2011-01-01

    We investigate both analytically and numerically the concentration dynamics of a solution in two containers connected by a narrow and short channel, in which diffusion obeys a porous medium equation. We also consider the variation of the pressure in the containers due to the flow of matter in the channel. In particular, we identify a phenomenon, which depends on the transport of matter across nano-porous membranes, which we call ''transient osmosis . We find that nonlinear diffusion of the porous medium equation type allows numerous different osmotic-like phenomena, which are not present in the case of ordinary Fickian diffusion. Experimental results suggest one possible candidate for transiently osmotic processes. (electromagnetism, optics, acoustics, heat transfer, classical mechanics, and fluid dynamics)

  19. Evaporation of Droplets in Plasma Spray-Physical Vapor Deposition Based on Energy Compensation Between Self-Cooling and Plasma Heat Transfer

    Science.gov (United States)

    Liu, Mei-Jun; Zhang, Meng; Zhang, Qiang; Yang, Guan-Jun; Li, Cheng-Xin; Li, Chang-Jiu

    2017-10-01

    In the plasma spray-physical vapor deposition process (PS-PVD), there is no obvious heating to the feedstock powders due to the free molecular flow condition of the open plasma jet. However, this is in contrast to recent experiments in which the molten droplets are transformed into vapor atoms in the open plasma jet. In this work, to better understand the heating process of feedstock powders in the open plasma jet of PS-PVD, an evaporation model of molten ZrO2 is established by examining the heat and mass transfer process of molten ZrO2. The results reveal that the heat flux in PS-PVD open plasma jet (about 106 W/m2) is smaller than that in the plasma torch nozzle (about 108 W/m2). However, the flying distance of molten ZrO2 in the open plasma jet is much longer than that in the plasma torch nozzle, so the heating in the open plasma jet cannot be ignored. The results of the evaporation model show that the molten ZrO2 can be partly evaporated by self-cooling, whereas the molten ZrO2 with a diameter <0.28 μm and an initial temperature of 3247 K can be completely evaporated within the axial distance of 450 mm by heat transfer.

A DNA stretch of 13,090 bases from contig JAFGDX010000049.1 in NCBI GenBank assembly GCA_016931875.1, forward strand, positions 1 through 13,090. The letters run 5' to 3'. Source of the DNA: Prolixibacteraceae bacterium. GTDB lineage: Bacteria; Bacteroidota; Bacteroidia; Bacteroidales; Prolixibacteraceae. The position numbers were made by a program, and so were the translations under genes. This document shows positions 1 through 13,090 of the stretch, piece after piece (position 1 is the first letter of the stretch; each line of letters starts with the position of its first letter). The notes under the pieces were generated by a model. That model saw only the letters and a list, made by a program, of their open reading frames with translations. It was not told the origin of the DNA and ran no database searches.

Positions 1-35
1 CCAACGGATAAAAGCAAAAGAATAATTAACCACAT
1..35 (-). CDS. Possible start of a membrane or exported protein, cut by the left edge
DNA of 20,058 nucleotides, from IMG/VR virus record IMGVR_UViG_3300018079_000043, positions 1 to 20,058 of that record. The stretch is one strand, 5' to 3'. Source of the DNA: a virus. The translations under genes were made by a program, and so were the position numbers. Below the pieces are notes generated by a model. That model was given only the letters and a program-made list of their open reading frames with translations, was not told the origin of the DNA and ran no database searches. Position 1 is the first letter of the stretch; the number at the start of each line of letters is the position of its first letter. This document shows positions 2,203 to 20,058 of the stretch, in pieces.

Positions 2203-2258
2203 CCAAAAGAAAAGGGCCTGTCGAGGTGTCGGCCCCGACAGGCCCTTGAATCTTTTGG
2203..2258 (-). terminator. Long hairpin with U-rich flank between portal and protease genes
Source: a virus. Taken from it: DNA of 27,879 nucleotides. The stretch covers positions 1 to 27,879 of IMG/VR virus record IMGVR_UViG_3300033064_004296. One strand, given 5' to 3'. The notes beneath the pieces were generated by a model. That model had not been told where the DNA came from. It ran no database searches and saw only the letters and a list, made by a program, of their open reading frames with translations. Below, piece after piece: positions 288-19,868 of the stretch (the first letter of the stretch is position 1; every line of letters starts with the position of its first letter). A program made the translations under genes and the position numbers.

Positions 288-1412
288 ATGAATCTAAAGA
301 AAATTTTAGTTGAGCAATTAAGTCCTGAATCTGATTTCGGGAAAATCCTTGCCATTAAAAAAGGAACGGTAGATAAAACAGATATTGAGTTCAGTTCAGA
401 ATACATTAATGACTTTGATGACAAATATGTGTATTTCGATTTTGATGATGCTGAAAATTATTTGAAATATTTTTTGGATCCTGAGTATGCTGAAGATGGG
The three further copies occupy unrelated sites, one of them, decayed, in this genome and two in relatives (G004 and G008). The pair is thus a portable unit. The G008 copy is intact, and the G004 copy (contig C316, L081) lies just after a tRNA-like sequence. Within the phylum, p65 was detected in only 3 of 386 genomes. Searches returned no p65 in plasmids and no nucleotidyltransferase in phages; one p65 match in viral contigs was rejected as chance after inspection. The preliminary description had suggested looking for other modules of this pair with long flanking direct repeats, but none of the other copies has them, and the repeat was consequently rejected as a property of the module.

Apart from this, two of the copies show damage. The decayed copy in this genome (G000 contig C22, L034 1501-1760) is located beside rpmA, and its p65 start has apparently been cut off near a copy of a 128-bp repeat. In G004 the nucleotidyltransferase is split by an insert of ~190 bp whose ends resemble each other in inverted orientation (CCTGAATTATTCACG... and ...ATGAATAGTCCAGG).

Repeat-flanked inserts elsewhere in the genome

20. Transient pseudohypoparathyroidism and neonatal seizure.

    Science.gov (United States)

    Manzar, S

    2001-04-01

    The case of a neonate is presented who had late onset seizure associated with hypocalcemia, hyperphosphatemia, and raised parathyroid hormone. The infant did not have any stigmata of pseudohypoparathyroidism. The hypocalcemia was initially resistant to calcium therapy, but responded to vitamin D analog therapy. The diagnosis of 'transient neonatal pseudohypoparathyroidism' was entertained, as the infant remained stable and seizure-free with normal serum biochemistry during 8 months of follow-up.

  1. Transient cognitive changes after craniotomy.

    Science.gov (United States)

    Hannegan, L

    1989-06-01

    Little has been written on the subject of cognitive and behavioral changes that may follow craniotomy. Neuroscience nurses who care for craniotomy patients often see transient alterations in behavior, intellect and personality similar to those occurring after minor head injury or subarachnoid hemorrhage. These changes may lead to depression and alter family dynamics. Interventional strategies, including cognitive screening, family counseling and thorough discharge planning are essential for helping patients and family members anticipate potential deficits and cope with life after craniotomy.